Further, the inner tube would flex due to the catheter tube having to be snaked through the twisted portions of the blood vessel in the body and thereby would block the area around where the shuttle gas port intersects with the extension of the catheter tube, thereby possibly causing a large fluid resistance.

SUMMARY OF THE INVENTION

The present invention was made in consideration of these actual circumstances and has as its first object the provision of a balloon catheter which can reduce the channel resistance in the catheter tube through which the shuttle gas passes without increasing the discomfort of the patient and which enables expansion and contraction of the balloon portion with a good response.

The present invention has as its second object the provision of a hemostatic valve which can be used for a balloon catheter, can move in the axial direction on the outer circumference of the catheter tube, can be affixed at any position in the axial direction without crushing the catheter tube, and is excellent in hemostatic action.

The present invention has as its third object the provision of a balloon catheter which can be easily inserted into the blood vessel of the patient, enables the balloon portion to be inserted to the proper position in the blood vessel, and will not be pushed back by the flow of blood.

The present invention has as its fourth object the provision of a balloon catheter which is not reduced in the outer diameter of the catheter tube, is superior in response in expansion and contraction of the balloon portion, can be smoothly inserted into the blood vessel of the patient, and causes little discomfort to the patient.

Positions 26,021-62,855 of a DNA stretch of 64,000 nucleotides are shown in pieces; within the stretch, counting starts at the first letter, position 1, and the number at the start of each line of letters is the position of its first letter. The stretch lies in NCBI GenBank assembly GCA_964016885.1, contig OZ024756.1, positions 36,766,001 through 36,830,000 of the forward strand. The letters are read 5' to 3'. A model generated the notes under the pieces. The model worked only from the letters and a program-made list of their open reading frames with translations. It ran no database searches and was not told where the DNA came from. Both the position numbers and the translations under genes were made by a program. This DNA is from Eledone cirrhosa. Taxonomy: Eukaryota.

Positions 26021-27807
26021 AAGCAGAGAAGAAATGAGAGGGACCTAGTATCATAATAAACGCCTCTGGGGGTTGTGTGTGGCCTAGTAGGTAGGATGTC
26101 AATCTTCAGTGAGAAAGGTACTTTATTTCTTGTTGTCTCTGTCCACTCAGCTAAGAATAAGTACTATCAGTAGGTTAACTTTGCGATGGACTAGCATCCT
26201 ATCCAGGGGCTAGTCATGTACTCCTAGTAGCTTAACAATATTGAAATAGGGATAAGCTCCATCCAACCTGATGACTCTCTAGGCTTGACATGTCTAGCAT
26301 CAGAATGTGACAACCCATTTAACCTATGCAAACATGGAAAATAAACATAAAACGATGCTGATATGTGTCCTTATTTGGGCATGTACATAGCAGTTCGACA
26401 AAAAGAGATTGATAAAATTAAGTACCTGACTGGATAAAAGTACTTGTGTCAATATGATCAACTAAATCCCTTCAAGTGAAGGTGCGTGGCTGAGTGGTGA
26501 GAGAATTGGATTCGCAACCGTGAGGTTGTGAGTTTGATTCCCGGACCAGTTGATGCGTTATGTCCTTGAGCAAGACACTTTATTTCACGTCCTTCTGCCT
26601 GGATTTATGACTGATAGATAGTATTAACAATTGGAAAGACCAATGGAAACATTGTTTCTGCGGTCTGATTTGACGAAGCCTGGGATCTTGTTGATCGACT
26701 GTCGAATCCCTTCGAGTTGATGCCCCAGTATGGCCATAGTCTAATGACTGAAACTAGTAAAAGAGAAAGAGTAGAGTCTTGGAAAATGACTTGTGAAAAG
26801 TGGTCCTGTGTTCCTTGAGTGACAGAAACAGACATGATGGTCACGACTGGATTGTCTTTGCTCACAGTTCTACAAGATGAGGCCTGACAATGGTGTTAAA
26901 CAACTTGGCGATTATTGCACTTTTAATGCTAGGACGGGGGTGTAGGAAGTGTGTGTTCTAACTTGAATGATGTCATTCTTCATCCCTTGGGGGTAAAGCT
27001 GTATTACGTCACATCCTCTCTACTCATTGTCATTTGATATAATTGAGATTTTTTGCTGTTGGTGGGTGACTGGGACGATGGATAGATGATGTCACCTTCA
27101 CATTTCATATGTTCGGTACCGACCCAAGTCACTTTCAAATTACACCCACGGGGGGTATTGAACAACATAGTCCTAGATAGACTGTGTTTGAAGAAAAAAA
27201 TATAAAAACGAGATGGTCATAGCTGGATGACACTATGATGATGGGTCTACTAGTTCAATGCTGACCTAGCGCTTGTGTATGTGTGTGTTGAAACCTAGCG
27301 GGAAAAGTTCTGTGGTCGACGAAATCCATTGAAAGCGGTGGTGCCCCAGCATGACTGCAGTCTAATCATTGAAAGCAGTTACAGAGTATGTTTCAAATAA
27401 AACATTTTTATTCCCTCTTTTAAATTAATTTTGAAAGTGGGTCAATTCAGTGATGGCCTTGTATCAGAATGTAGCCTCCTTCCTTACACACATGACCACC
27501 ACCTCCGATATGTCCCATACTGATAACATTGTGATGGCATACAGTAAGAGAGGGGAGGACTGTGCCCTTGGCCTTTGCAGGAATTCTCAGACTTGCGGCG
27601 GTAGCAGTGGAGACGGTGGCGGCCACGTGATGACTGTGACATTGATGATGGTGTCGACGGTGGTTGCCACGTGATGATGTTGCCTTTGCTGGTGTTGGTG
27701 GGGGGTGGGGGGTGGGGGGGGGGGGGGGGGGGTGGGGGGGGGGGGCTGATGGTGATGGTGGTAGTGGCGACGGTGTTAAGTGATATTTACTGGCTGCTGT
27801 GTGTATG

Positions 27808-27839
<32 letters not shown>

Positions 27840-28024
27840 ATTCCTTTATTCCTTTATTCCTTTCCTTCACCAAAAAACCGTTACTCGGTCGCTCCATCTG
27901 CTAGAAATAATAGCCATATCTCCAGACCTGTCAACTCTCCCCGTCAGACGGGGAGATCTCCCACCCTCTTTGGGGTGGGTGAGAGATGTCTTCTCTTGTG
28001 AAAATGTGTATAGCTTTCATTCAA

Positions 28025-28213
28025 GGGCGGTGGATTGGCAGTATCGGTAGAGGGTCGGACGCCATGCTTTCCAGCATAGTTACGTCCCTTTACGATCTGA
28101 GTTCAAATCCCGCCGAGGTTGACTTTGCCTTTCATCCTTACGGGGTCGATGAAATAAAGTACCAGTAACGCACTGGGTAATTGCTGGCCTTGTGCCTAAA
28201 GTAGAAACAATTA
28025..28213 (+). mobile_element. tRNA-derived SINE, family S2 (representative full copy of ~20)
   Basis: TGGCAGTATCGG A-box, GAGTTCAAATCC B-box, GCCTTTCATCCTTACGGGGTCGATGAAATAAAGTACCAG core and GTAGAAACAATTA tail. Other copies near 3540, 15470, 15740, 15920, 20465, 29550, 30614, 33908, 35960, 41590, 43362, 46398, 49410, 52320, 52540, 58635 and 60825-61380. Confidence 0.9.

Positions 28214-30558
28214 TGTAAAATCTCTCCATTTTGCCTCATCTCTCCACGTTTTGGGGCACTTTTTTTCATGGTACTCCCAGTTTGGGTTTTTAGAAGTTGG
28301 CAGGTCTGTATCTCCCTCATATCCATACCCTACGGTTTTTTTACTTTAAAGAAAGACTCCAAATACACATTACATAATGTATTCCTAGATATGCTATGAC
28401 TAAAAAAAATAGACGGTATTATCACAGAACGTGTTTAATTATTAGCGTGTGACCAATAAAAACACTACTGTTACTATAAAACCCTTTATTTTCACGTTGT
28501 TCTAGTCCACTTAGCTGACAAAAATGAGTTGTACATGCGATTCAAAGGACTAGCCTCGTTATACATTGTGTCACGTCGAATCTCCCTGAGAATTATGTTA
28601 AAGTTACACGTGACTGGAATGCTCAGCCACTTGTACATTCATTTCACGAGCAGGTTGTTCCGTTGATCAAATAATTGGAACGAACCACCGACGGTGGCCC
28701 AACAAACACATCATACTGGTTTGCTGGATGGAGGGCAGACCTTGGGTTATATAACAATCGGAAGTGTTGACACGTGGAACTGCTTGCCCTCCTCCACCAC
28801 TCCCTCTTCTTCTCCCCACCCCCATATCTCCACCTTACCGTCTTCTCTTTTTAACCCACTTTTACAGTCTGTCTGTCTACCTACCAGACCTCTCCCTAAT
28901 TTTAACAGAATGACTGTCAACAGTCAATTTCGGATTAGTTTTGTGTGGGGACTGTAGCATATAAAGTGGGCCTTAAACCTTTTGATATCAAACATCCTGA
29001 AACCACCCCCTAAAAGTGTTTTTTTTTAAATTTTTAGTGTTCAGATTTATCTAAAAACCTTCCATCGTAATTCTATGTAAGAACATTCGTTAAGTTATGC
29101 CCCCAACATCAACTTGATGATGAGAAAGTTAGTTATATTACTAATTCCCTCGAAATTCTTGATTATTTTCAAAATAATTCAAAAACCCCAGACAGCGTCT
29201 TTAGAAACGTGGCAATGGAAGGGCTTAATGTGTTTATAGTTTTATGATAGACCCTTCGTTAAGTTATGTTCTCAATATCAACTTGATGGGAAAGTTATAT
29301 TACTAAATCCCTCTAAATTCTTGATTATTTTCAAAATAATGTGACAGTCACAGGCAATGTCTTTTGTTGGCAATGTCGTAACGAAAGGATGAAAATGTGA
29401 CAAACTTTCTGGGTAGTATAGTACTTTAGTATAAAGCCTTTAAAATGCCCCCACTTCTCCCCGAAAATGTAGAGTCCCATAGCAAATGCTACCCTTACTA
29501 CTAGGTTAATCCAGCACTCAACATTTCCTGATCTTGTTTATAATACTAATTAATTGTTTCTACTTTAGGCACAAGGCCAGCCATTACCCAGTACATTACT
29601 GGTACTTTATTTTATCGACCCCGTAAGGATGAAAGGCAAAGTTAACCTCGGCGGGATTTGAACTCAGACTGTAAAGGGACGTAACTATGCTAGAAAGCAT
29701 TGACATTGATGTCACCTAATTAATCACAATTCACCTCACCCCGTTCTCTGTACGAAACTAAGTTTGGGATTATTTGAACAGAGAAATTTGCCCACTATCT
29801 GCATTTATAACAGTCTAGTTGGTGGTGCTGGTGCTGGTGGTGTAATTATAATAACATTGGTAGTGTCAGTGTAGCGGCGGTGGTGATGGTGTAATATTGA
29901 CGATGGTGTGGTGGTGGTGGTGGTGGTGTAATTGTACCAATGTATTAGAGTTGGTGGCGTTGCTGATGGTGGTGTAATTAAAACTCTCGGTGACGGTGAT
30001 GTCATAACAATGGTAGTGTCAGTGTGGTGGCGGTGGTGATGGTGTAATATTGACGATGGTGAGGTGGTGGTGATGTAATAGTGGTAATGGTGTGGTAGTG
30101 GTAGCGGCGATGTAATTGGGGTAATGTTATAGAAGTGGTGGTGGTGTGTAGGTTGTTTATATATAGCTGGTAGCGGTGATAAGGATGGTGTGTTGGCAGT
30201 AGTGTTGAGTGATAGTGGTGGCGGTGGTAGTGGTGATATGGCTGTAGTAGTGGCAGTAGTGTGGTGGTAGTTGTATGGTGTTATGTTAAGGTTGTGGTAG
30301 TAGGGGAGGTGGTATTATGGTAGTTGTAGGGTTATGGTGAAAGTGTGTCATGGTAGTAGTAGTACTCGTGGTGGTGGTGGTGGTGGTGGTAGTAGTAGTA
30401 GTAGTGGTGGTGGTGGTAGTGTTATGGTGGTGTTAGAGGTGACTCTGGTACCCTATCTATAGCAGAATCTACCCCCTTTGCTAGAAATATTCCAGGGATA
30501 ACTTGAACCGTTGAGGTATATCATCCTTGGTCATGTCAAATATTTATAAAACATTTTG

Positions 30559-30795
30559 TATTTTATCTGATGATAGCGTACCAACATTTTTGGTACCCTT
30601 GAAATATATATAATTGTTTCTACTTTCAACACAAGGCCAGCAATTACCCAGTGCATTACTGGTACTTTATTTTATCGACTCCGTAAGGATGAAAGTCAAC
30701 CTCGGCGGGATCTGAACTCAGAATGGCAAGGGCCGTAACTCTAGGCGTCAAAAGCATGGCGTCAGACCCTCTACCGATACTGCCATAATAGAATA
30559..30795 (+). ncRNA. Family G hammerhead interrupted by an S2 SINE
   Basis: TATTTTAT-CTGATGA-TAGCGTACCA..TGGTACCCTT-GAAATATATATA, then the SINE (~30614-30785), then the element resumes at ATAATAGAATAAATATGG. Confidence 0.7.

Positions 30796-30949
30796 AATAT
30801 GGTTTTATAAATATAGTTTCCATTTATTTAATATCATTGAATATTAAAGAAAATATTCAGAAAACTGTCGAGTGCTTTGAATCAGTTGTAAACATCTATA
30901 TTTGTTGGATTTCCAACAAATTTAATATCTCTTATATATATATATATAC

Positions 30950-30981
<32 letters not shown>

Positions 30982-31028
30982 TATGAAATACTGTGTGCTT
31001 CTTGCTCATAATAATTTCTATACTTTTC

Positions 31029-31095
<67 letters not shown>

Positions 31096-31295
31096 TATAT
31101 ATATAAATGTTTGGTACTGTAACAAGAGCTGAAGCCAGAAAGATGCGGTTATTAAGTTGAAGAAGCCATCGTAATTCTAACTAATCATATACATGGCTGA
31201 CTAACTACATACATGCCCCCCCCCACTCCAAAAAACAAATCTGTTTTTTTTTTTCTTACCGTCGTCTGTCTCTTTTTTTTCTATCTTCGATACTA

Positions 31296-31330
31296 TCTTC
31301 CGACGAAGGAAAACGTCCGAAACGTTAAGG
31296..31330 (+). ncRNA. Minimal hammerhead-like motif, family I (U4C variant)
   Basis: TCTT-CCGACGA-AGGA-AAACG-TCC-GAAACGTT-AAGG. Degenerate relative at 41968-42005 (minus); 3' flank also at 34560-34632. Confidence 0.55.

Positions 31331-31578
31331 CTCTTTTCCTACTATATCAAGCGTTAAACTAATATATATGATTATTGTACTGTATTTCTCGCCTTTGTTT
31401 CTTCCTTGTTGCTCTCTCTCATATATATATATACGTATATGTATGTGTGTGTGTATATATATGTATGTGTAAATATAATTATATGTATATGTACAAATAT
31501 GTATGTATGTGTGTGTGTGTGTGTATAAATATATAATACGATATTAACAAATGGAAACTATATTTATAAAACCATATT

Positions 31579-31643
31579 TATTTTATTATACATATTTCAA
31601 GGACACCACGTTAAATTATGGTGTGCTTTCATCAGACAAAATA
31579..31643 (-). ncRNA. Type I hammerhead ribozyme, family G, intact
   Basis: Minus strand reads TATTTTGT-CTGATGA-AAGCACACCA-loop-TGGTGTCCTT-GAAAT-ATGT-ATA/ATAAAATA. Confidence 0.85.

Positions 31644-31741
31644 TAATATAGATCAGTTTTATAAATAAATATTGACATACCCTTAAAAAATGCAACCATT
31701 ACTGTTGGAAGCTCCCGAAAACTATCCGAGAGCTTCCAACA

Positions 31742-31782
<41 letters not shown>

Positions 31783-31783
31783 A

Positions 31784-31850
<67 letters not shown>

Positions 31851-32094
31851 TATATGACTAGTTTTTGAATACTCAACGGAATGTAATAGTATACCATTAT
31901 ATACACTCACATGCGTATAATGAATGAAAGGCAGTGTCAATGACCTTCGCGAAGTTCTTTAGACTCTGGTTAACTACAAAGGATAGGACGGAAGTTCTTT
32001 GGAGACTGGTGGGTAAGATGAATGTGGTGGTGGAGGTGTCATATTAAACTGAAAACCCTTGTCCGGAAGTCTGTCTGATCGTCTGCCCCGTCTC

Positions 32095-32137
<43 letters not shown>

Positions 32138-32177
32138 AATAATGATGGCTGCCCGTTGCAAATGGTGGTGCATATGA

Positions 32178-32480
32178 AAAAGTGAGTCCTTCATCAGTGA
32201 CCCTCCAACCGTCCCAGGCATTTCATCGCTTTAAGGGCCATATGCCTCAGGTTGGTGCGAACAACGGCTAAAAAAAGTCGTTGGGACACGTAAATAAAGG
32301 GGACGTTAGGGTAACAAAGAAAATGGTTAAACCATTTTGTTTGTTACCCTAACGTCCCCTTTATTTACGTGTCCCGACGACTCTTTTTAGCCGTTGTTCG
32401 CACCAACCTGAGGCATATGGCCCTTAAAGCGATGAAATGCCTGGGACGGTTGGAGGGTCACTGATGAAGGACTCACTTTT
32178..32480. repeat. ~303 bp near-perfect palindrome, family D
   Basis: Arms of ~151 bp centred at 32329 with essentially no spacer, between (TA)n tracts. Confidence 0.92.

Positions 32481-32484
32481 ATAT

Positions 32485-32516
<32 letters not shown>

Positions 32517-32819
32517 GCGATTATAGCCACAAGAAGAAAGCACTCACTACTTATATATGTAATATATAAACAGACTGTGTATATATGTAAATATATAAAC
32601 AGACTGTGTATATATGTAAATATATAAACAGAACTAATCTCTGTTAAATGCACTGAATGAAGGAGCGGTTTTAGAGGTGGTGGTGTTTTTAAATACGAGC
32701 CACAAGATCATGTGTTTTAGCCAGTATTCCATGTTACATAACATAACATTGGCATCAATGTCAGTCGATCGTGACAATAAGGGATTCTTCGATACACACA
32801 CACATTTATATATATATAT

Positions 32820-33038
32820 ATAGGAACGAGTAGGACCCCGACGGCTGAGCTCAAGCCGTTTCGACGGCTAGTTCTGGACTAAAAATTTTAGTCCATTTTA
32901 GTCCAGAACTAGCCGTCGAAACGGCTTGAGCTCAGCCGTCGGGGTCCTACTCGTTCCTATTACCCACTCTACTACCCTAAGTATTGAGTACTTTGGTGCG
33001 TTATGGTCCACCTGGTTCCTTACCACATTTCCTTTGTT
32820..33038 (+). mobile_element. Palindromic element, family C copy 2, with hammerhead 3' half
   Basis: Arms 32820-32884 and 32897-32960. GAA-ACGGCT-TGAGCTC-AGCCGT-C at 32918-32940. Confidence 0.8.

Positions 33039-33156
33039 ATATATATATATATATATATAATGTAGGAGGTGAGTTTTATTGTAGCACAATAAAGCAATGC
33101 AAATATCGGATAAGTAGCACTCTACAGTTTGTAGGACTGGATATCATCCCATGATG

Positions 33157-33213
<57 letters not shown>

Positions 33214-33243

To achieve the first object, the first aspect of the invention provides a balloon catheter comprising a balloon portion which is inserted into the aorta and expands and contracts to assist the heart beating, a catheter tube which is connected to the proximal end of the balloon portion and introduces and releases shuttle gas into and from the balloon portion, a hemostatic valve attached on the outer circumference of the proximal end of the catheter tube in a manner movable in the axial direction and having a hemostatic sheath portion which has a distal end pushed into an insertion site formed in the blood vessel of the patient so as to plug the insertion site, and a bifurcation to which the proximal end of the catheter tube is connected and having formed therein a shuttle gas port for introducing and releasing shuttle gas into and from the balloon portion, the outer diameter of the catheter tube from the hemostatic valve to the bifurcation being 3 to 30 percent larger than the outer diameter of the catheter tube from the balloon portion to the hemostatic valve.